Number two, spoliation. Naturally the preference is for the data to be preserved so that it can be ascertained which party is making valid claims. But if the data has been erased beyond recovery, this cannot take place. Nonetheless, I believe digital forensics is a win-win situation. If the data is there, we get to the truth. If it is not there, the party pursuing the digital data is likely to have even a stronger case and win the case based on spoliation alone. At a minimum, material sanctions or adverse inference rulings can be obtained.

 

How does Expert Insights provide a different approach to the digital forensic process?

Firstly, by not accepting “no” for an answer. Digital evidence leaves behind a trail. By reviewing recovered deleted files, text messages, internet activity, smart phone data, USB history reports, “recent” file activity, “cookies,” GPS data, and information from the registry, a timeline can be put together that will often solve the mystery. A review of this information will also make it clear what electronic data has not been submitted that should have been (e.g. backup drives) and other locations relevant data may reside (e.g. cloud).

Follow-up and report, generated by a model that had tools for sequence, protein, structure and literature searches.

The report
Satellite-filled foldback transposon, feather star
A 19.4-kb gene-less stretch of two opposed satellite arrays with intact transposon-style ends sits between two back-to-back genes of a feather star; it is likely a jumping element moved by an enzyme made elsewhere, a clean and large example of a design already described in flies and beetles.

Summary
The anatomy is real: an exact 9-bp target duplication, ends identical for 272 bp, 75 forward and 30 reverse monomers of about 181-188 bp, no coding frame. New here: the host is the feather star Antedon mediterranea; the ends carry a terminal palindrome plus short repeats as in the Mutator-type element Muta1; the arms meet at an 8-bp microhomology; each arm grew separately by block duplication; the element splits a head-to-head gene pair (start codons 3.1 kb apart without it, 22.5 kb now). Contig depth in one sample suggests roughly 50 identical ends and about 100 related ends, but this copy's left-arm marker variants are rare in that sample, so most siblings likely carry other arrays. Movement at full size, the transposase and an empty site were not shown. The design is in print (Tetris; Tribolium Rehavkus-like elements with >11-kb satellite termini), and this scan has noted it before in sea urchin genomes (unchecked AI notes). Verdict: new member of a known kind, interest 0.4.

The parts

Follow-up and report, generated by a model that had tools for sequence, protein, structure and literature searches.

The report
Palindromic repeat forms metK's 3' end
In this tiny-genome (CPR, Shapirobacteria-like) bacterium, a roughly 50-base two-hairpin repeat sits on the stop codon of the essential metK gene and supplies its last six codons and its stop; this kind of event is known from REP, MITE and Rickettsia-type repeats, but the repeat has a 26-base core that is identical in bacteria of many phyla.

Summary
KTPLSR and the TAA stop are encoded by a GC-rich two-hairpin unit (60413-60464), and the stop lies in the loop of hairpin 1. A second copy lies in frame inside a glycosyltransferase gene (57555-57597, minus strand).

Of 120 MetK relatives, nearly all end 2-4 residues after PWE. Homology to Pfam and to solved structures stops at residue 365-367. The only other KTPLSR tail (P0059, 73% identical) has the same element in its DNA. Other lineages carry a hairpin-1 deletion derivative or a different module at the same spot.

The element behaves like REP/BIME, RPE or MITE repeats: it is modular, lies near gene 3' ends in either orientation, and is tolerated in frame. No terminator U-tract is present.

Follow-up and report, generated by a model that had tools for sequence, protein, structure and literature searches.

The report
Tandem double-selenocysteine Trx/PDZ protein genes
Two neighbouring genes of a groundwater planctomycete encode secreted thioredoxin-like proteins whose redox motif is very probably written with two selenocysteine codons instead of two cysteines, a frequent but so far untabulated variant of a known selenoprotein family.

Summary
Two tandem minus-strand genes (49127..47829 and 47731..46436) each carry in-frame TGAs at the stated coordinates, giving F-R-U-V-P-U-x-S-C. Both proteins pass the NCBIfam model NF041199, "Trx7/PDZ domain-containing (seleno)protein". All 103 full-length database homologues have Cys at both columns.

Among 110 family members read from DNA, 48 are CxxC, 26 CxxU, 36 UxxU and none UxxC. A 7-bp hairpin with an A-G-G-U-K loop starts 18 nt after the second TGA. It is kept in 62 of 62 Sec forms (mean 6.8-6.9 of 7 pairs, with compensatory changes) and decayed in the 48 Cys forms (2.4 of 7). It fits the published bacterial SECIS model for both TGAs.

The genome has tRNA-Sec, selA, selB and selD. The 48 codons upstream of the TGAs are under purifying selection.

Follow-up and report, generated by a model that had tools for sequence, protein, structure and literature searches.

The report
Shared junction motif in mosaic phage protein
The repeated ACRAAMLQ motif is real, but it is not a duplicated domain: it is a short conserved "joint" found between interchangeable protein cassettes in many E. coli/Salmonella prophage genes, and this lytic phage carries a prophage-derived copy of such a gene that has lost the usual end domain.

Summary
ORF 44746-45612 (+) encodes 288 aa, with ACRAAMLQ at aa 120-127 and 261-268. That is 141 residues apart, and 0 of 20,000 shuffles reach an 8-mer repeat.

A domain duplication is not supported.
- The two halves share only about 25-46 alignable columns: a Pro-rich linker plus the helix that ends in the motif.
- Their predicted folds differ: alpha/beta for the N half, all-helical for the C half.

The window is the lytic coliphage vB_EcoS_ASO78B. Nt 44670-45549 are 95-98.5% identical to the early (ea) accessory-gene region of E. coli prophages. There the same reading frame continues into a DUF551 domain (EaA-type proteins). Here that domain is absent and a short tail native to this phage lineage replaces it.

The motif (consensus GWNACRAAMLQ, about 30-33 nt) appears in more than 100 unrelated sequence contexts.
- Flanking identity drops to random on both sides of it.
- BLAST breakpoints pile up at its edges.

As contrasted to electronic discovery, digital forensics can trace documents that were permanently erased prior to submission of the device (volume shadow copy of hard drive), track where the person has been going on the Internet (which can expose what they were researching), and where they may have dumped copies of relevant or confidential files for their future use. “Recent” file activity can disclose activity the individual was up to prior to release of the computer.

Second, by finding ways to provide assistance in every stage of the litigation process, including developing case strategy, the discovery process, analysis of the data, and providing testimony (See table below). This includes developing a clear upfront understanding of the facts and legal positions of the parties prior to reviewing the digital data.

 

 

Can the analysis of a large amount of electronic data take a long time? How do you minimize this while still obtaining the required results?